A Rite of Passage for the Stay-at-Home-Mom

There are so many changes that happen when it comes to becoming a mother. There are the obvious: your body changes, your family dynamic changes, your financial status changes... Your day to day changes, and as you transition into motherhood, you may find yourself not wanting to go back to work if you had previously. Many mothers find themselves choosing to stay at home, changing their career path, and finding a new normal on the domestic side of the spectrum.

This path seems pretty straight forward: you stay home with the baby, enjoy all the coos, giggles, mountains of diapers, and navigate this uncharted territory. This was the path that I chose. I dove exhausted, weary, and overjoyed into this new life of mine. I figured out how to change a diaper before being forced a golden shower, how to sneak out of the nursery like I used to do my parent's house when I was a teenager, and how to bathe this 10 pound potato that had no head control but no less than four neck rolls.

However, I was not aware that there is a critical part to this path that, according to my Facebook Newsfeed, every single stay at home mom must succumb to.

I call it the Pyramid Scheme Rite of Passage, and I, too, fell into it.

A couple months after giving birth I was contacted by an old friend about losing all the weight I had gained. I know... It sounds mean-spirited. But it wasn't-- I truly felt as if this was a great opportunity to shed these extra five (read: 50) pounds that I had gained. All I had to do was buy a hundred dollar work out DVD and a month's supply of protein powder. (Let me also add- this person contacted me because of posts that I had posted-- truly, no ill-intent or malice meant.)

I was like a cheetah coming upon a wounded baby gazelle in the African safari. Pre-baby body here I come! Weeks later I could tell I was slimming down and was immensely proud of myself. But then I was contacted again. I was asked if I would like to be a coach and not only lose the weight but gain a paycheck as well. Again, brilliant marketing-- exploiting a post-baby bodied-woman who spends at least a grand on diapers a week. Sign. Me. Up.

I remember sitting down to the computer to start this lucrative venture. All I really had to do was convince my friends, family, acquaintances, strangers, and aliens to buy these products from me. And if I was really lucky, I could also convince them to become a coach as well. Do you see where this is going?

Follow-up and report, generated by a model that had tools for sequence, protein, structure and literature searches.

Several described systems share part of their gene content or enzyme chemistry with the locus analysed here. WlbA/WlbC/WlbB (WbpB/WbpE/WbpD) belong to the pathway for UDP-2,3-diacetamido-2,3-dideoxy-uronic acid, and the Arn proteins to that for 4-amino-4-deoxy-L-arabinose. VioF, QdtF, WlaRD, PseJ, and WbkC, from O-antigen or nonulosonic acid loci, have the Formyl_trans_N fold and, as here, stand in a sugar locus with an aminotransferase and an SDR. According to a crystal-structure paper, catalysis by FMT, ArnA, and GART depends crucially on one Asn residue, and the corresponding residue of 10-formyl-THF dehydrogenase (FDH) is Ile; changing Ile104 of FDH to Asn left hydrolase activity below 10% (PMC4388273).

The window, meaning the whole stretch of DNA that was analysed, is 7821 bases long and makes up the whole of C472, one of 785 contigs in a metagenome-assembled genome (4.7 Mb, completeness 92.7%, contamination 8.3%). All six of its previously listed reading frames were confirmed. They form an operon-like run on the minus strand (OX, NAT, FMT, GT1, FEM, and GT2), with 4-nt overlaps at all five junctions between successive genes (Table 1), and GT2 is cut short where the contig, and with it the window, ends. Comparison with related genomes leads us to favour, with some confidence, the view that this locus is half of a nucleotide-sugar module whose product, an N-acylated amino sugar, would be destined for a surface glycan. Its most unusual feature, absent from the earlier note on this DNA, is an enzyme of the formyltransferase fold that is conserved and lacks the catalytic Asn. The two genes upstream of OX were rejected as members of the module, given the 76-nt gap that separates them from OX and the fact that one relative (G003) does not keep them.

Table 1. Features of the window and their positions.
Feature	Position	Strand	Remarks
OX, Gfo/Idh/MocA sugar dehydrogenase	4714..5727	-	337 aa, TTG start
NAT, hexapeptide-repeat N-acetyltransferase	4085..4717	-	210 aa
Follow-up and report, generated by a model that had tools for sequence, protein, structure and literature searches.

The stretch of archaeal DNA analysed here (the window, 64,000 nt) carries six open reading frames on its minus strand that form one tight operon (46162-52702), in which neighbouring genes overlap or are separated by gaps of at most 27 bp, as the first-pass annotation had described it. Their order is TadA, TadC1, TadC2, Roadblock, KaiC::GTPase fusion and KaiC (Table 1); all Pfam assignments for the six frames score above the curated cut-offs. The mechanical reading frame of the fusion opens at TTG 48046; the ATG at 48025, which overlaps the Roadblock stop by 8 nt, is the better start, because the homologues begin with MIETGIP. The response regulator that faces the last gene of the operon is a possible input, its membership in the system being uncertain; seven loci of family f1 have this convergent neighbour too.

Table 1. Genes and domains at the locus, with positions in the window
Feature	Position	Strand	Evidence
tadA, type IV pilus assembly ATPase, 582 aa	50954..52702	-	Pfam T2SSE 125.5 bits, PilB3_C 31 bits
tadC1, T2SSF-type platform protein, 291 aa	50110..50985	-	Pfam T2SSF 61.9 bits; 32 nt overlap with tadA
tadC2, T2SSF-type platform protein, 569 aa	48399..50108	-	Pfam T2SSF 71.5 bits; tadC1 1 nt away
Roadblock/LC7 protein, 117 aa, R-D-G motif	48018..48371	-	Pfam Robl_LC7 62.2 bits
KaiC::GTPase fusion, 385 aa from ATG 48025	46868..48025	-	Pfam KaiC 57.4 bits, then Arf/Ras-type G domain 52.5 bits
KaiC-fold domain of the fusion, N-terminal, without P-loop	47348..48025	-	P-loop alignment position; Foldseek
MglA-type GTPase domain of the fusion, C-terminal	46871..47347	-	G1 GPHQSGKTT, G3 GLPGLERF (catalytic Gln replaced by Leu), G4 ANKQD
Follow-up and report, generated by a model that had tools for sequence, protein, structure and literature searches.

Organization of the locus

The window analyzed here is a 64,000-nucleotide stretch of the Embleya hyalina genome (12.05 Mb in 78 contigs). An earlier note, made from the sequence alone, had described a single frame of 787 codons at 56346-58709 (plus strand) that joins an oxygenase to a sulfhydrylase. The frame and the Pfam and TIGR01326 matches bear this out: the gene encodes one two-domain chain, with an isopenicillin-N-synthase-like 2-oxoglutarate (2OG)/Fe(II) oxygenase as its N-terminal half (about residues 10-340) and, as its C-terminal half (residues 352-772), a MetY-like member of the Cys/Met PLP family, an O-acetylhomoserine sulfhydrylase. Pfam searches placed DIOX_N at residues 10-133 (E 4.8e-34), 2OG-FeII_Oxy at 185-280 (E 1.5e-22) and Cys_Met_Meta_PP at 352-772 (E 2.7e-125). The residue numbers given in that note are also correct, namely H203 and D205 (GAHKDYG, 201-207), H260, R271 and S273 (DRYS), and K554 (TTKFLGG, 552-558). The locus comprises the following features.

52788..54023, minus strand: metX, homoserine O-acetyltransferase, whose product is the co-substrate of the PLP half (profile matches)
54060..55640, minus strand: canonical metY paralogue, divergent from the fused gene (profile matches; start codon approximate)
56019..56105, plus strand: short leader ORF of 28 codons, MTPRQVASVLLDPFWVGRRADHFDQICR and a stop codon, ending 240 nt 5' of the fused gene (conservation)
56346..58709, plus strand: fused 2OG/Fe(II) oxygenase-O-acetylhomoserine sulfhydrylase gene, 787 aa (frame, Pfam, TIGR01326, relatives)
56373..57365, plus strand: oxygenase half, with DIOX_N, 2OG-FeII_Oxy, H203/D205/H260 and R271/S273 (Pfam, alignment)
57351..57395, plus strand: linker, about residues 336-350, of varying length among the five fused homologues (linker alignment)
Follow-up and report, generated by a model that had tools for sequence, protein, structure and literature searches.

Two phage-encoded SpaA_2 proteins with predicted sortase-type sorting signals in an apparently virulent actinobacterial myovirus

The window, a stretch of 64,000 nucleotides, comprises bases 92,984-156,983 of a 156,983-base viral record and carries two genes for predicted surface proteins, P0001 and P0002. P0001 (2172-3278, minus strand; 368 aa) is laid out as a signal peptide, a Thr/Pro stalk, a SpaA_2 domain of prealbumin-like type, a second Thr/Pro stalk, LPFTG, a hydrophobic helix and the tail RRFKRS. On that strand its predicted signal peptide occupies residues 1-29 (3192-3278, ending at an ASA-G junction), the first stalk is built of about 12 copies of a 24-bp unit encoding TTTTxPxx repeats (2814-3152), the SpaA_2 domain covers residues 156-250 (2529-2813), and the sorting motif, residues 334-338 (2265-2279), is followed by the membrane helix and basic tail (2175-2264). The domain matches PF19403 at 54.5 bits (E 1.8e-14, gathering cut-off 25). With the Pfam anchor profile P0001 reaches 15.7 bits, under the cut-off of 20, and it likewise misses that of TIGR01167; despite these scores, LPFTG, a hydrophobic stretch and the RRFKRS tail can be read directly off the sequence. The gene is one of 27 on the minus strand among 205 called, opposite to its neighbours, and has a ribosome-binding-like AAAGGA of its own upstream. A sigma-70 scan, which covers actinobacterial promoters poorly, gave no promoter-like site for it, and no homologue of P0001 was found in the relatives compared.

Pyramid scheme... Then it clicked. I "needed" these people to become coaches so they would sell this product and in turn make me money. It wasn't for me... I couldn't post, message, tweet, text, carrier-pigeon, or smoke signal every person over and over until they gave in. It just didn't suit me. Plus I had a brand spanking new baby whose sole survival depended on my boobs, and I just didn't have the time. I backed out graciously (read again: I went ghost).

I got pyramid schemed. I know for a fact I only made one sale; it was a pity sale from my husband's great-aunt. But at the time, it made all the sense in the world to have a purpose outside of this child while trying to transition into motherhood.

And so many other stay at home moms fall for these schemes. It is truly a rite of passage. In my honest opinion, or at least from my own perspective, I think moms need to feel like they are contributing to or finding purpose in the real world, especially if you're not working a 9-5 anymore. Sometimes you get stuck so far inside your own head, home, and child that you feel like you lose your place in the world. It's a tough feeling.

But it's also extremely annoying to be inboxed every single day about whatever product you're selling. If I could sell your company's mascara before they can even restock the shelves, then perhaps I don't need your product. Nor do I have the money. Because, like you, I am also paying for and supporting children. I'll keep buying my regularly priced Cover Girl and put the rest of my cash back into my pocket.

Let's also keep in mind the type of products you are trying to sell. You are essentially saying, "You are overweight, have ugly skin, need cosmetic help, your house stinks, you're unhealthy..." I can tell you that I felt like a straight up asshole when I contemplated sending somebody a, "Hey, you're looking a little pudgy these days. Buy my product, change your life, and pad my bank account." Talk about insult to injury... That is also a tough feeling.

Again, I've been there and sold that (one package). It is a rite of passage for stay at home moms. Once more, speaking from my perspective, it was a way that helped me transition a little easier and feel like I didn't exist solely as a milk carton. However, I cannot afford to keep buying your comfy leggings (although I kind of wish I could), your candles, workout DVDs, all-natural make-up, or other life changing products. This girl has pediatrician and summer camp bills to pay... Which is one more change that motherhood throws at you.

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